Douglas Park School - 07/07/2015

1 Context

What are the important features of this school that have an impact on student learning?

Douglas Park School is a Years 1 to 6 contributing school in Masterton. At the time of this review the school roll was 361 and 28% of students identify as Māori. The school has a stable staff, who are ably led by an experienced principal.

PRIDE values (peace, respect, independence, dare to dream and excellence) underpin teaching, learning and the school culture.

The school has a positive reporting history with ERO. Aspects of practice, identified for further development in the previous ERO report, have been progressed and strengthened.

2 Learning

How well does this school use achievement information to make positive changes to learners’ engagement, progress and achievement?

Leaders, teachers and trustees are highly effective in using achievement information to promote improved engagement, progress and achievement for students. Rich use of data underpins decision making at all levels of school operation. Further development of systems for tracking student achievement over time is a next step.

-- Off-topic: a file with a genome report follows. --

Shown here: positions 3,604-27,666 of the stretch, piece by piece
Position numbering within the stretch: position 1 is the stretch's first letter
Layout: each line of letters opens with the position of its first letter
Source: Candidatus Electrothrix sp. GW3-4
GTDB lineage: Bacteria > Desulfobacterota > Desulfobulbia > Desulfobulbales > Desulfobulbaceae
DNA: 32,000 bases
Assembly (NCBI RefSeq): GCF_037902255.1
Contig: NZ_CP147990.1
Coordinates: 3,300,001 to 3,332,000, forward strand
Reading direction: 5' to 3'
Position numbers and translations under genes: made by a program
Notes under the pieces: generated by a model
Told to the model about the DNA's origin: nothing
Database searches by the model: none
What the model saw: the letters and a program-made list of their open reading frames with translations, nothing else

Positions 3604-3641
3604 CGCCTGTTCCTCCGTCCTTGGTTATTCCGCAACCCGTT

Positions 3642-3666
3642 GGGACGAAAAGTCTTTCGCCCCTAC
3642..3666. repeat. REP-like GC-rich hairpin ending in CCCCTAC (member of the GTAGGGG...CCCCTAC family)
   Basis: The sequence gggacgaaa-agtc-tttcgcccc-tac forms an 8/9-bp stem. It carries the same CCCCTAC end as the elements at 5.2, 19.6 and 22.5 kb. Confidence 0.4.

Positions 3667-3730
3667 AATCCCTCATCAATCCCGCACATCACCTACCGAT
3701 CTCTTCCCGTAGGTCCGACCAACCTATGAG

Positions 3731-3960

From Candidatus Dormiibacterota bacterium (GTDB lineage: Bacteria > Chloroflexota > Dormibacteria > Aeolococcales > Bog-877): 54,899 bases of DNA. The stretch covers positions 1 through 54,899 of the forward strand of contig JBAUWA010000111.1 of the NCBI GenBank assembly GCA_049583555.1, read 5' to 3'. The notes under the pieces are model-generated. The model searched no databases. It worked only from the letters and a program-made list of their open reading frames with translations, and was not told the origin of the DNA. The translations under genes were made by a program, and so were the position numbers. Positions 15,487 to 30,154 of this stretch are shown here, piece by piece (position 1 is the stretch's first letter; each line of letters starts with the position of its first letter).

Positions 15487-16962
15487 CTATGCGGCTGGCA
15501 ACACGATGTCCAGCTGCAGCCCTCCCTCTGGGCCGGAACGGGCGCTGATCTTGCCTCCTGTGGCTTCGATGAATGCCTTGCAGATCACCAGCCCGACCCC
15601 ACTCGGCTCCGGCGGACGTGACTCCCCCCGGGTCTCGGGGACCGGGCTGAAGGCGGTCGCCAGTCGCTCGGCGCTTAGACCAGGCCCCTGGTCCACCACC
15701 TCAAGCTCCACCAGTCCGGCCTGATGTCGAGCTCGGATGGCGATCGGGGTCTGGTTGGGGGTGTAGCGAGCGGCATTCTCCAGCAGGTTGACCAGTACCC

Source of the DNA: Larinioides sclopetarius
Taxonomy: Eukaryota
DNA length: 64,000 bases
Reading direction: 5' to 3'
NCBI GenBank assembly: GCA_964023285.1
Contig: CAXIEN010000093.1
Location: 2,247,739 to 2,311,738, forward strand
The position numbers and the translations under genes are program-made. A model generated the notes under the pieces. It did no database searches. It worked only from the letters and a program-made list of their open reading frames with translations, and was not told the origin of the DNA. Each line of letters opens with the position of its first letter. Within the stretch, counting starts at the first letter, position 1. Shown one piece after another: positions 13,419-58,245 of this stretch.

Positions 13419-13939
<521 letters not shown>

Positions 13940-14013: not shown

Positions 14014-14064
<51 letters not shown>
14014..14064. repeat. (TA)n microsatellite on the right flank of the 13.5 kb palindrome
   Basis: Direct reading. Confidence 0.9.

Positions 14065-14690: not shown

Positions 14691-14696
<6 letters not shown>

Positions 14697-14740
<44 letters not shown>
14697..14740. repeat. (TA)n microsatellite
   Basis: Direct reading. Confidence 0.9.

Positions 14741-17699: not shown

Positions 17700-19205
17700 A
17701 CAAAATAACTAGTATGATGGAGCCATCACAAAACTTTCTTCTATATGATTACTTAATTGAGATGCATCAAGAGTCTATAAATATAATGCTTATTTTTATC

School achievement data shows that most students achieve well in relation to the National Standards in reading and mathematics. Māori and Pacific learners’ achievement is similar to that of their peers. The school has appropriately identified achievement in writing and achievement of boys as areas for improvement. Senior leaders have set targets in these areas for 2015.

Leaders make good use of information to identify individuals and groups of students in need of additional support. Appropriate programmes and systems are put in place to accelerate the learning of individual students and to track their progress. Additional teaching staff and teacher aides work with these students and to support junior classes. National Standards achievement data from 2014, shows that the achievement of junior students has improved as a result of this initiative.

Trustees are well informed about student achievement. Principal's reports to the board provide useful information and progress updates in relation to school goals, annual plans, targets, and trends and patterns in student achievement. Trustees use this information to assist their decision making about resourcing of learning support, budget and staffing.

Achievement information is well used to identify areas for staff development. A schoolwide focus on the teaching of mathematics has resulted in improved student outcomes in this curriculum area. Professional learning in writing and the development of modern learning environments are planned for 2015.

Parents receive good and timely information about their child’s learning in relation to National Standards. They have regular opportunities to discuss their child’s current learning priorities. These opportunities allow for evidence-based discussions and goal setting by whānau, students and their teacher.